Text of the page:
As to the first situation, four members of the Committee feel that the attorney's participation in the program is ethically improper. These members believe, as do the others, that it is quite proper for a firm to hire an attorney and for that attorney to serve the firm full time. All members further feel that it is proper for the attorney to render opinions or develop estate analyses for the benefit of the attorney's employer. The majority maintain, however, that it is improper for the attorney's opinion to be presented to the client as an opinion of a member of The Florida Bar prepared for the benefit of the prospective client. No direct relationship exists between the attorney and client and, it is argued, Canon 35 is offended because the situation amounts to the practice of law through an intermediary. Further, the majority feel that the situation is misleading inasmuch as the attorney's opinion apparently is presented as an unbiased evaluation whereas it is in fact prepared for the purpose of selling life insurance and is most likely slanted in that direction. As a result, the attorney is in a position of giving unsolicited legal advice to a member of the public upon representations of fact furnished to the attorney by his employer, who is financially interested in the circumstances. There is a possibility of conflict of interests and of engaging in the practice of law through a lay agency in violation of specific provisions of the Canons of Ethics.
Two members of the Committee believe that the attorney's practice is not unethical providing he is employed full time by the life insurance firm, and providing further that the presentation to the client is made so that it clearly appears that the estate analysis is made by an employee of the life insurance firm for the purpose of presenting one possible solution to the estate problem of the client. One member of the minority suggests that the circumstances would be more properly presented if the attorney used the regular letterhead of his employer and signed the analysis as staff counsel or in some other capacity which clearly shows the relationship of the attorney to the insurance organization.
Regarding the second factual situation, all members believe that ethical improprieties are presented. The attorney is not a full time employee of the insurance agency. He is allowing his services to be sold or presented to the prospective client, for the benefit of the client, when he has not been retained by the client for that purpose. The interest of the insurance company and that of the client could easily conflict and the attorney is placing himself in a position of representing conflicting interests. There is no disclosure of this fact, contrary to the provisions of Canon 6. In addition, the professional services of the attorney are being controlled or exploited by a lay agency, contrary to the provisions of Canon 35. In addition, the attorney is in effect rendering an opinion on a factual situation presented to him by a third party. This offends both the Canons mentioned.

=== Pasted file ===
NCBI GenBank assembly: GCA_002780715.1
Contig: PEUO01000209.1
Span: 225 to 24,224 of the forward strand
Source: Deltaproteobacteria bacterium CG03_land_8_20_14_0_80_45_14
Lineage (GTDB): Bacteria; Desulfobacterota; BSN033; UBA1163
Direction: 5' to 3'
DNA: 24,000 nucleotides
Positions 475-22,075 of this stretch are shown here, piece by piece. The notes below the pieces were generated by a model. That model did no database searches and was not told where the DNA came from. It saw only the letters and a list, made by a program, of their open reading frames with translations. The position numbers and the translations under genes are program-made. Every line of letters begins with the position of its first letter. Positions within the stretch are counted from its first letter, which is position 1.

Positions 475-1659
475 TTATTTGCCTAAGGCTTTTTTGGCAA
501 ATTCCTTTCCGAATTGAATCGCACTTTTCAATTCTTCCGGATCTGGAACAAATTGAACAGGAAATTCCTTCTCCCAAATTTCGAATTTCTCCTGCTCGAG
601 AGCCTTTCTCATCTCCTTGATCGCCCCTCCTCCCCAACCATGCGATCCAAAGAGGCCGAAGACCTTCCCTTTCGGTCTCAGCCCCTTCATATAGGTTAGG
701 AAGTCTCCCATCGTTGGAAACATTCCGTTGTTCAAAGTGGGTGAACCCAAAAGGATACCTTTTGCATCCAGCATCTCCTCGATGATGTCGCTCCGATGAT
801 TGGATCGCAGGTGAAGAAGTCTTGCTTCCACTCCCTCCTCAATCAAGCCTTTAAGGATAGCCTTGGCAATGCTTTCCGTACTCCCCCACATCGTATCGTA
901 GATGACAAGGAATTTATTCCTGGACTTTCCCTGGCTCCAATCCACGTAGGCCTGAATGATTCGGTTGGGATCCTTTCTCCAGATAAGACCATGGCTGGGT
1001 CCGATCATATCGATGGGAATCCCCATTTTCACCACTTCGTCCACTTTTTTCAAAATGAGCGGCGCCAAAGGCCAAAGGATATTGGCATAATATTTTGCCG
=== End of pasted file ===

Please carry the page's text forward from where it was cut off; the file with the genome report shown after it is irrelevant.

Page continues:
This Committee is not authorized to determine whether a particular practice constitutes unauthorized practice of law. Thus we can express no opinion regarding the activities of the life insurance agencies concerned. In one of the few cases on point, however, Oregon State v. John H. Miller & Co., 385 P.2d 181 (Ore. 1963), an analogous estate planning service was declared to constitute the unauthorized practice of law. Further, statements of principle are periodically propounded by the National Conference of Lawyers and Life Underwriters. These principles are referred to on pages 151A and 152A, Volume III, Martindale-Hubbell. Therein it is stated that it is improper for a life underwriter to furnish attorneys who will give legal advice to the life underwriter's clients or prospective clients. The life underwriter, it is said, may properly obtain legal advice from an attorney for the underwriter's own guidance. However, it is improper to circularize any such opinion or to use it as a selling document. The same material presents certain findings which tend to condemn the practice of an attorney as set forth above.
Should the problems be presented to the Committee on Unauthorized Practice of Law of The Florida Bar, and should that group find that the insurance firms are engaged in such practices, it is obvious that any member of The Florida Bar permitting his professional services or name to be used to aid such unauthorized practice would be in violation of Canon 47.